ŌSuch proceedings will make good men desperate and claim their rights by main force if they can not be obtained any other wayĶ


Camp Convalescent VA

Sunday, August 2, 1863


Dear Clarinda,


I do not feel well at present but am so I can be around.  The weather is so hot the water runs in streams down my body.  I suppose this is the cause of my feeling so.  But I could not let Sunday pass without writing to you.  I hope these few lines will find you all well at home.  I got a letter from George yesterday that has been wrote some time. 


We are not exchanged yet, as I know of, and I canÕt tell when we will be although there is considerable talk here in Camp that we will be in a few days.  But I think it all originates from the thought that it is about the time for the Regular Exchange.  We have not been paid off yet and I canÕt tell for certain whether we will be this week or not.


I have written to Mr. Hart a letter of thanks but did not tell him of his promise.  20 days more and I shall be in the Service one year.  How long it does seem.  I wonder if I will have to say 3 years.  It seems hard and yet I should not feel exactly right to come home to stay with this war unsettled.  I hope it will soon be over with.


The girls write to me it will be a day of great rejoicing to see their Dear Brother home once more.  If they think so much of me, I wish they would show my dear loved wife some of that love.  I would like it far better.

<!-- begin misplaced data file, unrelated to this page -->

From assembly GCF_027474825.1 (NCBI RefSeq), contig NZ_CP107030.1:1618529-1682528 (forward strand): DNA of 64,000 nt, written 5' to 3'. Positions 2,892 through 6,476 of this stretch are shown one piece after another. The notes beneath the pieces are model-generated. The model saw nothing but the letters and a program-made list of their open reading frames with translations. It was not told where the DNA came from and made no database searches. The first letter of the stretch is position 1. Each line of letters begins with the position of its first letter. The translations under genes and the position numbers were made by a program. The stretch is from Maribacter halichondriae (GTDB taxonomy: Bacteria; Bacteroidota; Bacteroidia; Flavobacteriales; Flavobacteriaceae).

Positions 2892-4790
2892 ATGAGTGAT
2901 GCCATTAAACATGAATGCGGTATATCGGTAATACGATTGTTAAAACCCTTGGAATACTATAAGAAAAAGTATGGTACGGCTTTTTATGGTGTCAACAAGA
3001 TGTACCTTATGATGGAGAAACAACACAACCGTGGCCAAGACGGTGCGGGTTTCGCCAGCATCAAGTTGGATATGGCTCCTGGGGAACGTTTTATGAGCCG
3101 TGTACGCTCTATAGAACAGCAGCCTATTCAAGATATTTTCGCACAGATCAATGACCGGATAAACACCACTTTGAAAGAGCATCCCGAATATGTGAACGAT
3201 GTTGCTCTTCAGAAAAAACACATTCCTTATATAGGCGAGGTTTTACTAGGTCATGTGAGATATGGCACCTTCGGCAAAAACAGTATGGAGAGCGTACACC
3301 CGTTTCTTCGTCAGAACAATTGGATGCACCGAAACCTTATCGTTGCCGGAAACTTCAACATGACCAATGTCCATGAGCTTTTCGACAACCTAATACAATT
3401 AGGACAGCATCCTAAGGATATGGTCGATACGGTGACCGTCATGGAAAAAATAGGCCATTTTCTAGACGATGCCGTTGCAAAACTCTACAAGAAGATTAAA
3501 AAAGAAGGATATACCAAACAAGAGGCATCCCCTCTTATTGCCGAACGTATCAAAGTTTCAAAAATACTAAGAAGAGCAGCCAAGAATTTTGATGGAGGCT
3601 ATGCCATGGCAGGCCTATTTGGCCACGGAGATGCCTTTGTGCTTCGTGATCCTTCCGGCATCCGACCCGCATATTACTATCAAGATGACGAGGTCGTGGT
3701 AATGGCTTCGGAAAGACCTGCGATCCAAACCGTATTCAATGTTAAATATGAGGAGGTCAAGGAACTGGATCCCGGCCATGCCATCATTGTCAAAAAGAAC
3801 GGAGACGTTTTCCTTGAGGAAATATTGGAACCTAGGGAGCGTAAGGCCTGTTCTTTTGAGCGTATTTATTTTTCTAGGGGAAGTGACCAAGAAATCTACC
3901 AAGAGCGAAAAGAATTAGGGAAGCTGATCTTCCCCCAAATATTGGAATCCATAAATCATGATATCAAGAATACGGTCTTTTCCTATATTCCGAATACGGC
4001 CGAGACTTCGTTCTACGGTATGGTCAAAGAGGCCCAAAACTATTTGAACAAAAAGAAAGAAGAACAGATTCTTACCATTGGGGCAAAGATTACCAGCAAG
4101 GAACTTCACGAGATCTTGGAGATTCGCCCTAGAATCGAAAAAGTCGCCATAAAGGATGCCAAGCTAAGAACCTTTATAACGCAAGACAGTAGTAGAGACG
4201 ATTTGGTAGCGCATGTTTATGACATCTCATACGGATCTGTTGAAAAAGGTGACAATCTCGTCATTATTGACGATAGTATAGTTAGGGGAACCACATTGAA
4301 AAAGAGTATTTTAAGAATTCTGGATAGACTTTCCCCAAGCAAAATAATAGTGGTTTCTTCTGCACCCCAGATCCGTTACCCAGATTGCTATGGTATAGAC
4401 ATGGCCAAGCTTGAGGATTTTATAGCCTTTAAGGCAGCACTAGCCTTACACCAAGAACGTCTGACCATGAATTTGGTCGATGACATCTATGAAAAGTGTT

We are now in a camp where we are kept under a close guard and there is not a shade tree to keep us from the burning sun and our tents draws the sun so it is hot as an oven inside almost.  Oh my, it is awful hot today.  I hope you donÕt suffer from such hot weather in Utica.


The prisoners have turned out 2 or 3 times in large bodies to claim their rights as soldiers, but so far they have been unsuccessful.  I am afraid they will do something awful before they get through with it.  They are deprived of all liberties and their rations have been reduced one half.  Such proceedings will make good men desperate and claim their rights by main force if they can not be obtained any other way.


I donÕt know of anything else to write worthy of mention, so I will close for it is so hot.  Give my love to all of the folks and all inquiring friends.  I might just as well been at home these two months as not, if I had received that recommend from the Colonel in time, but it is too late now.  Take good care of your health for my sake and of the little ones.


So I will bid you goodbye for now.  God comfort you in your loneliness.  May your days be long and peaceful through life.


From your husband with love until death,

Sergt. Peter L. Dumont

Co. A, 146 Regt N.Y.



A kiss to all [encircled]